At least a dozen young Hong Kong pro-democracy activists and journalists have been held in prison by China's communist regime for two weeks, and their families are growing increasingly worried.
"I just want him back and safe," one sobbing mother pleaded for the release of her imprisoned son. Detained by the Chinese government, he is sick and needs medication. Two weeks ago, he and 11 other young people were arrested in the South China Sea as they sought political asylum in Taiwan.
Charged with illegally crossing the Chinese border on a boat off the coast of Guangdong, Chinese authorities also accused them of disavowing Chinese control over Hong Kong. One of the 12 is a Christian and all of them participated in pro-democracy protests. They are now detained in Beijing where news about them is barred and access denied to their own lawyers.
Although China accused him of meddling in their domestic affairs, US Secretary of State Mike Pompeo expressed concern for the 12 Hong Kong youths.
Pompeo tweeted, "The United States is deeply concerned that 12 Hong Kong democracy activists, arrested two weeks ago off the coast of Hong Kong by Guangdong Maritime Police, have been denied access to lawyers of their choice. We question Chief Executive Carrie Lam's stated commitment to protecting the rights of Hong Kong residents, and call on authorities to ensure due process."
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Hong Kong's Chief Executive, Carrie Lam said in a press conference, "These cases have been handled in the Mainland according to the Mainland laws."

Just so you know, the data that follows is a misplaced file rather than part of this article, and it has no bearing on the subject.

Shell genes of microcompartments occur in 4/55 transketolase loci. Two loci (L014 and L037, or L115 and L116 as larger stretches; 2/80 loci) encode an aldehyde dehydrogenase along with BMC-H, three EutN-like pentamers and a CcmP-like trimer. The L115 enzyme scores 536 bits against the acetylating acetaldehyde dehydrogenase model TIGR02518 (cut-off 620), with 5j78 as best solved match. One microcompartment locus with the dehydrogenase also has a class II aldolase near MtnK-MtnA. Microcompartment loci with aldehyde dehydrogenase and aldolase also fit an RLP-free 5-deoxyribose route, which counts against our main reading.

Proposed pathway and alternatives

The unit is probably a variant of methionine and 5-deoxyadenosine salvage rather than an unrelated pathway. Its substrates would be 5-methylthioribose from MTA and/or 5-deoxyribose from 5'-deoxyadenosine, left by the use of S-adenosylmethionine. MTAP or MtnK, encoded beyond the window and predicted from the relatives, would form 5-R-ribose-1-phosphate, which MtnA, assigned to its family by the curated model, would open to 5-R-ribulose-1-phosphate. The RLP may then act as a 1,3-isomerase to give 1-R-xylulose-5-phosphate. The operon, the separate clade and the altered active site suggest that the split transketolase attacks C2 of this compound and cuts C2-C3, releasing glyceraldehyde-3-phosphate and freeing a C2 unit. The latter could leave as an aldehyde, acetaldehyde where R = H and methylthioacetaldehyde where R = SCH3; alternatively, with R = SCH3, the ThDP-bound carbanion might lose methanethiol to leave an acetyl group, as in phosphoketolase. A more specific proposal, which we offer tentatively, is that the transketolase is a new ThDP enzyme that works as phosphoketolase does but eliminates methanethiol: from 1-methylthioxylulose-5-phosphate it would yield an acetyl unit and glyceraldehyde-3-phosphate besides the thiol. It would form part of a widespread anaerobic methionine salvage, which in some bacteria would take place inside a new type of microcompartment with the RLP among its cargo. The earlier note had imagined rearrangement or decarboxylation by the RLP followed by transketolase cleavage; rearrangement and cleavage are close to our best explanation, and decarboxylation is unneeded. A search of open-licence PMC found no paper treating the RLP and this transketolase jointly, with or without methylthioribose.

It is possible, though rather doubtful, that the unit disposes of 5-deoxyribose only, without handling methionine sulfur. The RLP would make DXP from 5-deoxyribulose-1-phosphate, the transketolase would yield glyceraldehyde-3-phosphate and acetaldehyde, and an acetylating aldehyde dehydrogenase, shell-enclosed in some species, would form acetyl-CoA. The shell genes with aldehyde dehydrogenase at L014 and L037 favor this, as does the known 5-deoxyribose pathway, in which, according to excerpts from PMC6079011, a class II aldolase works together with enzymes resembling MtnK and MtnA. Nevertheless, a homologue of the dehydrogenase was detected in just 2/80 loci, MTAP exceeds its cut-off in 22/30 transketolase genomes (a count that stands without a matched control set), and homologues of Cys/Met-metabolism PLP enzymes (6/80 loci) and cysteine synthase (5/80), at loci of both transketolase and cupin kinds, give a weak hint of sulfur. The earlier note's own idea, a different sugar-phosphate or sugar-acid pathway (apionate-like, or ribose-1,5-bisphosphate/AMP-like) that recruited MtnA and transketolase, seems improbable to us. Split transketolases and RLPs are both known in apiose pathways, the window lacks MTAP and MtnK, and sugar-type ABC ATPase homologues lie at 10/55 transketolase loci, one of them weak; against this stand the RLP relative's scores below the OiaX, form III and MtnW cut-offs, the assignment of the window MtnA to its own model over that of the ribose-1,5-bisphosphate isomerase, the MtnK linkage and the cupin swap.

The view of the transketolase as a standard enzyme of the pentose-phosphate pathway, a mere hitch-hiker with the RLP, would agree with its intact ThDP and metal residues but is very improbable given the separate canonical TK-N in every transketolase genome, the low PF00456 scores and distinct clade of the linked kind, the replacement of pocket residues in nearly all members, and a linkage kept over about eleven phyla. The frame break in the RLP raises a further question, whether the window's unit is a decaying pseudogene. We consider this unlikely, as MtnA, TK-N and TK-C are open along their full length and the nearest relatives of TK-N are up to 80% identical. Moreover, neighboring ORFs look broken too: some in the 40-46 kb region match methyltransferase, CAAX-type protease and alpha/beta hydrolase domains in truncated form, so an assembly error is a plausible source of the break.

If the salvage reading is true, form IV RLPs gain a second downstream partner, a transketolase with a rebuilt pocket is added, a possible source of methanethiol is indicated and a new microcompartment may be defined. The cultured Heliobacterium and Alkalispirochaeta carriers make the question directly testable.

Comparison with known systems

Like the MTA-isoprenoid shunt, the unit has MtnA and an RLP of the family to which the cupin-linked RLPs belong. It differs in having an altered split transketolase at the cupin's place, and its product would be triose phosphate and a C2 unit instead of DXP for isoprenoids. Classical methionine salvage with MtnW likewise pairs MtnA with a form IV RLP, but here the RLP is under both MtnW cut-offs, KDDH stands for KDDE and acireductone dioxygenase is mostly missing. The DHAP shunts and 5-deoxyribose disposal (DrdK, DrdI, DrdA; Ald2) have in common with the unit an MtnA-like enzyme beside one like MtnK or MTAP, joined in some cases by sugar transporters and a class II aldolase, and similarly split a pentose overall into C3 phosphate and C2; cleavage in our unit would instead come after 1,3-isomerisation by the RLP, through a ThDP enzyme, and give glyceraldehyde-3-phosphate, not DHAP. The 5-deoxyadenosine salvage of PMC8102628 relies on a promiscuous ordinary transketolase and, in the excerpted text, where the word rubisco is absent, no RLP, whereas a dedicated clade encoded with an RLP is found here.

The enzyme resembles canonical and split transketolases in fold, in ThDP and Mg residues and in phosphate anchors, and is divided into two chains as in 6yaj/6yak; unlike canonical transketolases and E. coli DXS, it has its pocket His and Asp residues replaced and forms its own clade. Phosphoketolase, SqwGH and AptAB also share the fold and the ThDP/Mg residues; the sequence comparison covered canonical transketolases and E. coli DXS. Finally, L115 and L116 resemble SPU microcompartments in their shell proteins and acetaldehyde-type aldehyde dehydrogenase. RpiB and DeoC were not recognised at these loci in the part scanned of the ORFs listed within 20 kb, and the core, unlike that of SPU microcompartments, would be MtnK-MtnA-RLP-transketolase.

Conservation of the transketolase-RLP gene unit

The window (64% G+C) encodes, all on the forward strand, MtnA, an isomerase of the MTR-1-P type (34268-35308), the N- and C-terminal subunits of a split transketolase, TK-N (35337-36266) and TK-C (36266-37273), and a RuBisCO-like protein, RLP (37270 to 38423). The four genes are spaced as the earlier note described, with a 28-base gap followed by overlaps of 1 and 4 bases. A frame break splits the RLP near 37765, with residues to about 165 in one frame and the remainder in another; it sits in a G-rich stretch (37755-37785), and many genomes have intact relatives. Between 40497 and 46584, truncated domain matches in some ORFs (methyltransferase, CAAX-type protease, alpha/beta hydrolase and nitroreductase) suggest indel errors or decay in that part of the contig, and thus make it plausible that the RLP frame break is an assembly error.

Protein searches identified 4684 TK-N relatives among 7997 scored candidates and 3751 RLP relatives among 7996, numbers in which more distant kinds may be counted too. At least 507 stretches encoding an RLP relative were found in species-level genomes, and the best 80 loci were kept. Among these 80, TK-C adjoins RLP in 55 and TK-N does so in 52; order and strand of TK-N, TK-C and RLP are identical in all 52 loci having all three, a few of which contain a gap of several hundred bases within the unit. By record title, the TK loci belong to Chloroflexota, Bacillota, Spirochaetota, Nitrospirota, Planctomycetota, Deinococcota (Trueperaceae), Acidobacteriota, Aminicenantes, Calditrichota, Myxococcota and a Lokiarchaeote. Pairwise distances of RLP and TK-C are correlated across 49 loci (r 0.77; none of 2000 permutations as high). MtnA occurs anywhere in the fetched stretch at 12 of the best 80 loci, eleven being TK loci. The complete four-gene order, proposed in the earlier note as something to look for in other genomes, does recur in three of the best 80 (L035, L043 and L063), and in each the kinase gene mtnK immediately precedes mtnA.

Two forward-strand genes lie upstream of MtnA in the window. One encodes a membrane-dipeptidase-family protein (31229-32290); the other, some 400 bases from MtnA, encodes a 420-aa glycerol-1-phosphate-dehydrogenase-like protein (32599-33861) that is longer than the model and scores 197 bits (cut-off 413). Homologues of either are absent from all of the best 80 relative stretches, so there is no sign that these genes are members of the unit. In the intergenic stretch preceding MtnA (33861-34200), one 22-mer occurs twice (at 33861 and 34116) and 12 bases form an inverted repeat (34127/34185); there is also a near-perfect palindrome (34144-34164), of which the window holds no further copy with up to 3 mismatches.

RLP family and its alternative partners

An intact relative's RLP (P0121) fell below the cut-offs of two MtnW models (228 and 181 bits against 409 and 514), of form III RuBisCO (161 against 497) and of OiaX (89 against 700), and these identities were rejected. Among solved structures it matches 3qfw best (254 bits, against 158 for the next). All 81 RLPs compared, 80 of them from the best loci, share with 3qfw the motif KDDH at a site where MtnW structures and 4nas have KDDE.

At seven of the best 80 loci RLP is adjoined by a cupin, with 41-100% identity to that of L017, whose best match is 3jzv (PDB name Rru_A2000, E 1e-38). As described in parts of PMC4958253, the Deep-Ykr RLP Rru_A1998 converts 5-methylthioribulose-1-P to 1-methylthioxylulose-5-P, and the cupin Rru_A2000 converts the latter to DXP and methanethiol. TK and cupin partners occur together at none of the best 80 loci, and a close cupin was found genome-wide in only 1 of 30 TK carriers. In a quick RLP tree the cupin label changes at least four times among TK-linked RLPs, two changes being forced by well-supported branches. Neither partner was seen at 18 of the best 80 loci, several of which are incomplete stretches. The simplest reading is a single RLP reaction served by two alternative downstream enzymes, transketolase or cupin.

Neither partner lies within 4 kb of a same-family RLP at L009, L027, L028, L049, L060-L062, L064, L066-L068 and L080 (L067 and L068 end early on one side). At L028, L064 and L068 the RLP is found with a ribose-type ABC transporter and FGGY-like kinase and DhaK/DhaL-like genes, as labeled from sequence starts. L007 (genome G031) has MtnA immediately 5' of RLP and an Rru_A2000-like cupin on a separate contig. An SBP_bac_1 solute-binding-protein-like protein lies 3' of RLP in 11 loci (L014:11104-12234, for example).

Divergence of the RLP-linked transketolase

Hong Kong has seen a wave of arrests of activists in recent weeks under a controversial national security law imposed by China in June.
The security law, opposed by many in Hong Kong, punishes what Beijing broadly defines as secession, subversion, terrorism and collusion with foreign forces with up to life imprisonment.
Beijing says the new law will stabilize the political unrest and finally put a stop to the protests there. But pro-democracy groups and critics fear that the National Security Law will put an end to Hong Kong's autonomy.
Press freedom has already been curtailed as critical reporters are being arrested. And restrictions are being imposed on foreign journalists. Unlike before, they can only cover news with police permission.
Hong Kong textbooks are also being censored. Chinese government brutalities like the Tiananmen Square Massacre are removed from history books.
Religious primary textbooks are also being used for Chinese propaganda. They have been injected with Chinese patriotism.
One text says, "Lord thank you for letting me be born as Chinese. To express my gratitude to you, I will learn from Jesus to love my state and nation, Amen."
Pro-democracy leader, Joshua Wong, says Hong Kong is in a most critical situation.
"Now is not just a fight for democracy and liberty, but also a battle between truth and lies. I hope this is not last video before I am arrested in the future. I love Hong Kong a lot and I will continue my commitment to the democracy movement until the day we will see the bright future in our homeland," Wong said.